photosynthesis and secrete certain growth hormones (Vit. B1Z, auxins and ascorbic acid) which
are beneficial to rice plants. These algae also help in improving the saline and alkaline soils.

g. Bacillus megatherium
       This bacteria is capable of converting unavailable form of phosphorous into available
form by solubilizing it. It is available in various trade names like phosphocil, phospobacterin etc.

h. Mycorrhiza
        It is a root fungus that can enhance phosphorus absorption. But so far no technically
feasible and economically viable method has been evolved to prepare its artificial culture.

C. Green Manuring
        Incorporation of green plants which in juvenile stage, into the soil is called green
manuring. The crops of green manuring generally included from legume which have habitat of
fast growing, short duration, more biomass and of course fixes atmospheric nitrogen in their rqot
zone. Some good examples of green manuring crops are Dhaincha (seshbania aculata),
cowpea (Vigna sinensis), Berseem (Trifolium alexendrinum), lentil (Lens esculata) and sunhemp
(crotalaria funeea) etc.

D. Mulching
        It is an agricultural practice of covering the soil surface to reduce evaporation to control
soil erosion and to protect plant roots from extremely low to high temperatures. Mulching is
done in three basic forms:

a. By spreading straw, plant residues, leaves of trees over the soil surface.
b. By loosing the top soil layer from time to time, so that evapo-transpiration does not occur by
capillary action.
c. Covering the soil surface by plastic films, which are available in market by various trade

E. Composting
         Composting is a biological process in which micro-organism of both types namely
aerobic and anaerobic decompose the organic matter and lower carbon nitrogen ratio of the
refuse. The final product of composting is a well rotted manure known as compost. Mineral
fertilizer (e.g. lime and rock phosphate) can be added if available and necessary. This
fermented material when added to the soil, besides supplying mineral nutrient also improve the
physical properties of the soil.

F. Integrated plant protection
        The ecological degradation of environment in industrialized countries and the rate of
agricultural chemicals in this process has lead to the development of the concept of integrated
pest management which has now become a part of integrated Agronomy. "The combination of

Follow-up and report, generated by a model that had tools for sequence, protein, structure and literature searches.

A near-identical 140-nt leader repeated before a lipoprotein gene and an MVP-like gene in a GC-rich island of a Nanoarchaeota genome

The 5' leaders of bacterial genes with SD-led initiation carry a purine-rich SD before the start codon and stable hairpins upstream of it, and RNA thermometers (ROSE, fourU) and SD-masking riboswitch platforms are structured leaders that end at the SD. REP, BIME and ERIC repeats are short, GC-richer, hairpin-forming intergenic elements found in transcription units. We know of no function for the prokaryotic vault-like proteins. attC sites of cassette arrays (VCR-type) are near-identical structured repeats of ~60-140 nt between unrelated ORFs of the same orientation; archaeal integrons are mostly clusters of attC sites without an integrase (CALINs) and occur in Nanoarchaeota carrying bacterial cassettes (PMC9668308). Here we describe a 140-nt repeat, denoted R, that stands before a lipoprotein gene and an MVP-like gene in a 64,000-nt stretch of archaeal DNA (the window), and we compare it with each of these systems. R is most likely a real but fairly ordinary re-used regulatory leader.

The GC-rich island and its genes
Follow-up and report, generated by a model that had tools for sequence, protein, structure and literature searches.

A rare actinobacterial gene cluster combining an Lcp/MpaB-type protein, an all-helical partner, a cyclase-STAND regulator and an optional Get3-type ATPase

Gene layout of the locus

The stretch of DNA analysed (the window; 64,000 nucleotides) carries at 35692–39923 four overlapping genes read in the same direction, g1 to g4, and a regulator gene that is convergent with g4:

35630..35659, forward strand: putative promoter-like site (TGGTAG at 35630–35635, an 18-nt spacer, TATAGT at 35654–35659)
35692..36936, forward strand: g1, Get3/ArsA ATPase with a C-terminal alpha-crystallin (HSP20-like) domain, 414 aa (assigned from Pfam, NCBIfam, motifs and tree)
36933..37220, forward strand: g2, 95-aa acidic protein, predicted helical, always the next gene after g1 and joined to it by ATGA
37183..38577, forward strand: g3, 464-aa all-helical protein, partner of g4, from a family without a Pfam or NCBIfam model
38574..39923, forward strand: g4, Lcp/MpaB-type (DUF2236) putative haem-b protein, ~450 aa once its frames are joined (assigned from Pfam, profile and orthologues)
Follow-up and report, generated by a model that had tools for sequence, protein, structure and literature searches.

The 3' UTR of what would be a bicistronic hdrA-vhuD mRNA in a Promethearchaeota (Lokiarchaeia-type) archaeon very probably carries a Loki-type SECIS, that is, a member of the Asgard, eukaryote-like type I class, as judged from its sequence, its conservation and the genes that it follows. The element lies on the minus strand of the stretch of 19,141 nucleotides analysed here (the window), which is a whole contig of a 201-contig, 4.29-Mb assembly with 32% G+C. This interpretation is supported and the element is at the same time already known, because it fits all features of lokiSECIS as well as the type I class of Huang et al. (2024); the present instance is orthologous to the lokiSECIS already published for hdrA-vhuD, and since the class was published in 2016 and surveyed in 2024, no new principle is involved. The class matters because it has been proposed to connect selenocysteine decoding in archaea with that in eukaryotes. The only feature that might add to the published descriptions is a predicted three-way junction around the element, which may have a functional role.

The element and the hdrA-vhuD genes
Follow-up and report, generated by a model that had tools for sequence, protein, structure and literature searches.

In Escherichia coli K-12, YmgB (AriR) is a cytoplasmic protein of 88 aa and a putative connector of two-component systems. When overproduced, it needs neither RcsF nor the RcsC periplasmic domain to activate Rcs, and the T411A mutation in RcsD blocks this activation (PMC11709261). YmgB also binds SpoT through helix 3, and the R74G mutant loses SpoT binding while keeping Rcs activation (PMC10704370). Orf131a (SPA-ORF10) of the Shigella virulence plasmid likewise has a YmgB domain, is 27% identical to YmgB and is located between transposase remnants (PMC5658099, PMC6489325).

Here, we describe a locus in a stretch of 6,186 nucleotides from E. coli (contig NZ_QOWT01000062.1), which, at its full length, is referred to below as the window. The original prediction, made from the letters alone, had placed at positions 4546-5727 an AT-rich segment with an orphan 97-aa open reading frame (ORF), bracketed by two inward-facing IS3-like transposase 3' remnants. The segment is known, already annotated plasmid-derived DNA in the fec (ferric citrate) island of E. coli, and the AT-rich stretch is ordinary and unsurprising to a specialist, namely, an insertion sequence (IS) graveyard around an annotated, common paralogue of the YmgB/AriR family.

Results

various technologies in a single pest management with the objective to produce optimum crop
yield at a minimum cost taking into consideration ecological and socio-economic constraints
under a given agro- ecosystem.”

       This approach makes use of traditional cultivation methods such as crop rotation or
green manuring and combine them with modem methods like chemical pesticides. The attempt
is made to reduce the use of chemical pesticides to an economically and environmentally
acceptable level by sup- plementing them with

-Physical and mechanical methods such as hoeing, trapping and seed treatment with warm

-Biological methods such as releasing natural enemies of growing alternative hosts.

-Biotechnical methods such as using pheromones or hormonal chitin synthesis inhibitors

- Breeding for pest tolerance or resistant cultivars
G. Integrated livestock
         Live-stock playa vital role in most small holder systems in developing countries. Cattle,
sheep and goat grazed areas can be cultivated only temporarily or not at all. In this respect
resources are used for cropping and livestock keeping in a complementary manner. Apart from
providing milk and meat animals can provide manure for fertilizing crop land, drought power for
cultivation and transport.

H. Integrated aquaculture
        In recent years attention is focused on fish farming in ponds and fish breeding in rice
fields. The following production method can be used. One generation of fish following a single
rice harvest per year.

-Fish farming between two cultivation period in the case of two or three rice harvest per year.

* Fish farming simultaneously with rice growing (rice + fish culture)
In all three cases, the fish culture remains secondary to the rice culture. Fish provide protein
which is of exceptionally high quality from the biological point of view.

IV Conclusion

       In agro-ecosystem we make use of all agronomic and agricultural approach in
maximizing biomass production on ecological balance. Under vegetation design, we make maxi-
mum use of soil surface which not only increase our production but also control soil erosion and
conserve soil water. Use of biological symbionts, green manuring, compo sting and integrated
pest management reduce the quantity of chemical fertilizers and pesticides which has become
necessary for ecological balance and sustainable agriculture. Integrated live-stock management
and aquaculture comes under diversified farming and serve as alternative source of income.